I had a health plan down here where so much was taken out of my salary per month and my employer paid some of the cost. I had a co-pay for office visits and medications. I also contributed to the FSA (Flexible Spending Account) so that I could use pre-tax dollars toward regular medical expenses. When Heather sprained her wrist we were out of "network" and that caused us to not be covered because the wrist wasn’t really broken and therefore not actually an emergency. That was extremely frustrating. We paid the bills but when we called to do so the most interesting thing happened. We were offered a discount because we weren’t going through an insurance company! You see, as I’ve read more and learned more it turns out that doctor’s offices don’t like dealing with insurance companies for the same reason most individuals don’t like it. They don’t want to pay.

Now we have an HSA (Health Savings Account) through my company and a high deductible. This allows us to pay the hospital directly, shop around for prices (although some work needs to be done to improve that process), and negotiate with the hospitals on fees when we are paying cash directly to them. This has already saved us probably a couple hundred dollars. In the mean-time, we save up for medical emergencies because we know they will happen. But we are also not as likely to use services we don’t need because it will cost us to do so.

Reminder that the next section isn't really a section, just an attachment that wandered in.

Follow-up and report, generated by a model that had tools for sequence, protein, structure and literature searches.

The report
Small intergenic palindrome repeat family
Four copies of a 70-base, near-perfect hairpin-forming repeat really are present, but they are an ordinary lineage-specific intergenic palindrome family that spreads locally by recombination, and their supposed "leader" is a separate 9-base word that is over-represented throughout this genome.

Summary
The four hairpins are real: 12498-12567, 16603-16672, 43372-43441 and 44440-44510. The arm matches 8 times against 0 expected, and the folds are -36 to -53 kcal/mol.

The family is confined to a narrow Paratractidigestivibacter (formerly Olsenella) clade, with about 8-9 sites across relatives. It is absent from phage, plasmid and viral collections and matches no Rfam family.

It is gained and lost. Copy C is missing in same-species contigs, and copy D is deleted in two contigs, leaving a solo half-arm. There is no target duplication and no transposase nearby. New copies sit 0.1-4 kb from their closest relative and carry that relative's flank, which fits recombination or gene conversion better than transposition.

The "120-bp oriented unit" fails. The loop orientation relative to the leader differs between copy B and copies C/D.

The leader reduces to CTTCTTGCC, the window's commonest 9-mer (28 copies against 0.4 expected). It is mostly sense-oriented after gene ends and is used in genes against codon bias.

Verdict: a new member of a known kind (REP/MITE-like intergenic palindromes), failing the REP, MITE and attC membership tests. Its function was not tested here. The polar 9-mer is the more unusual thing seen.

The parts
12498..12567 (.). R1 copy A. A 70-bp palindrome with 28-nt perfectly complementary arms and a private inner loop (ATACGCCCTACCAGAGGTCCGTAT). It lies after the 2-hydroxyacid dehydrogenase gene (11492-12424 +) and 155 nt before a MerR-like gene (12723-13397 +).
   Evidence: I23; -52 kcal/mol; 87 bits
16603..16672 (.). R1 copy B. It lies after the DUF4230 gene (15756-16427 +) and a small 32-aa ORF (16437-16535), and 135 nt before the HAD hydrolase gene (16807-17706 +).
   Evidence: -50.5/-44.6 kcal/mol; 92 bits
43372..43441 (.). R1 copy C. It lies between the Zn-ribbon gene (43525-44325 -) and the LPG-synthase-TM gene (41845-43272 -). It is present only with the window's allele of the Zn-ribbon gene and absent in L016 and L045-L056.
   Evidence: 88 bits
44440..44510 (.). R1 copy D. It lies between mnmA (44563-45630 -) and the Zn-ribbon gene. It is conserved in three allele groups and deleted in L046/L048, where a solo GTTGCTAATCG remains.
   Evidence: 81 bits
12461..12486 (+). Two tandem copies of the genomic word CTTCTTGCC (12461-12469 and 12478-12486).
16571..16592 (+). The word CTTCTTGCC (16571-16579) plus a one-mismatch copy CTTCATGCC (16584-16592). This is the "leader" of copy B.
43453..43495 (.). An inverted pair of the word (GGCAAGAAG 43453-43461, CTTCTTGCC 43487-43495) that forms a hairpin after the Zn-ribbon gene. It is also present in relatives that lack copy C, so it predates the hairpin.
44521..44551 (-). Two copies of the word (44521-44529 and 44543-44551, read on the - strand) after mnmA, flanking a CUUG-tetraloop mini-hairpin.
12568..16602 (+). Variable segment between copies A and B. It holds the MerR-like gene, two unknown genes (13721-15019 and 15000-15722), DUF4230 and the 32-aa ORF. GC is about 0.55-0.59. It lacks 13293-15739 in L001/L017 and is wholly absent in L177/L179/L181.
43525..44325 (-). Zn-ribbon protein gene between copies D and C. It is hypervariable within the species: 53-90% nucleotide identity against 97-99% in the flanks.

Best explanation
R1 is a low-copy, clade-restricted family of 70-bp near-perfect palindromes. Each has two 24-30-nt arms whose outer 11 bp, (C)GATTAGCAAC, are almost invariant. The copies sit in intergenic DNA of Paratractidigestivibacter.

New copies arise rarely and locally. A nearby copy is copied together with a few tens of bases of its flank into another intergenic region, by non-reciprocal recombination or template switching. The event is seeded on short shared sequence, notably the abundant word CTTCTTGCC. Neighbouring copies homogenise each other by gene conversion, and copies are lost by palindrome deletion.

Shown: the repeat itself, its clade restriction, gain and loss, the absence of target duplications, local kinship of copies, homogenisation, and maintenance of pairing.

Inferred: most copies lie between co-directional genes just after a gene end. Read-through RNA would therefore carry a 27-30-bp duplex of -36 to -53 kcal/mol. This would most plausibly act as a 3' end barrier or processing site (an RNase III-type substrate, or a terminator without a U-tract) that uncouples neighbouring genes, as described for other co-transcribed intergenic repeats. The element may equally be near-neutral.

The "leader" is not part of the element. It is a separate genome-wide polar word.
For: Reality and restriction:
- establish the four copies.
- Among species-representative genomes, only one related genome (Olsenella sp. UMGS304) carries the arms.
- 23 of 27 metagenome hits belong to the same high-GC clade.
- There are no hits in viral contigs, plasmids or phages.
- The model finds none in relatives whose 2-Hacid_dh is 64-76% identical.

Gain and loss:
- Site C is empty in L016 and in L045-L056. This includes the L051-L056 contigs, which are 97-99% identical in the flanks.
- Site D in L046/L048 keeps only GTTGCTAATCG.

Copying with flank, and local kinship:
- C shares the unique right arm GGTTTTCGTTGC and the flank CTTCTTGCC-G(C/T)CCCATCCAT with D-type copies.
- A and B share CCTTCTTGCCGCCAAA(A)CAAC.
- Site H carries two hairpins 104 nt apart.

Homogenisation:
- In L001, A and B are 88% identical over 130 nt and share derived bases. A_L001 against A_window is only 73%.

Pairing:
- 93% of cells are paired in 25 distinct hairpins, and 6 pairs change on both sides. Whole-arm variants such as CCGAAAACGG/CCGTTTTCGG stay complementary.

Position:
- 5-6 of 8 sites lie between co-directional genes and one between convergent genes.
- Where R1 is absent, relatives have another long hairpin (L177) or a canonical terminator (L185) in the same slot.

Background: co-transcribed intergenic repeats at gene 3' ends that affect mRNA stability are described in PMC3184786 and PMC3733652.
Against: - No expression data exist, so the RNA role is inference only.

Now, I can hear the cries of "What about people with no insurance or no income?" I have a friend who lives completely off of the government dole. I have no problem with it because she can’t work and I know it. She has enough for food, shelter, clothing, and a little extra for the bingo and cigarettes. Her medicines are all paid for through Medicaid as well as her other medical needs. You see, the U.S. already has a safety net for the impoverished. Is it the cream of the crop? No. But it’s not that much different than what I remember from Canada. So it’s certainly acceptable.

I think the problem with the socialism movement (which is tied to this Universal Healthcare issue) is that people think the nation can afford a middle-class kind of environment for everyone. We can’t. Certainly not in the extravagant living style of American culture. We are the richest nation in the world and our poor live better than many around the world. Are there exceptions? Absolutely, there always will be. But between food pantries, government and non-profit agencies all designed to help the poor in this country it’s silly to say there is nothing there for them.

Universal health care costs more than any American, I think, would really be willing to pay for it. The service levels drop when there is no disincentive to using a limited resource (doctors). Canadians who can afford it and want faster service come to the U.S. and pay full price (I have a family member who did). That should tell you something. Could there be discussion for tweaking the existing system? Absolutely, but the system in place is mostly fair and doable so long as people do their best to take care of themselves and take responsibility for preparing for emergencies. They are going to happen. Spend less, save more, and ask for help when you need it.

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About Michael Wigle

I am a servant of Christ who is married and has two children. For employment, I am the IT Manager and the Cincinnati Association for the Blind and Visually Impaired. I also have a wide variety of interests from economics to politics to caving.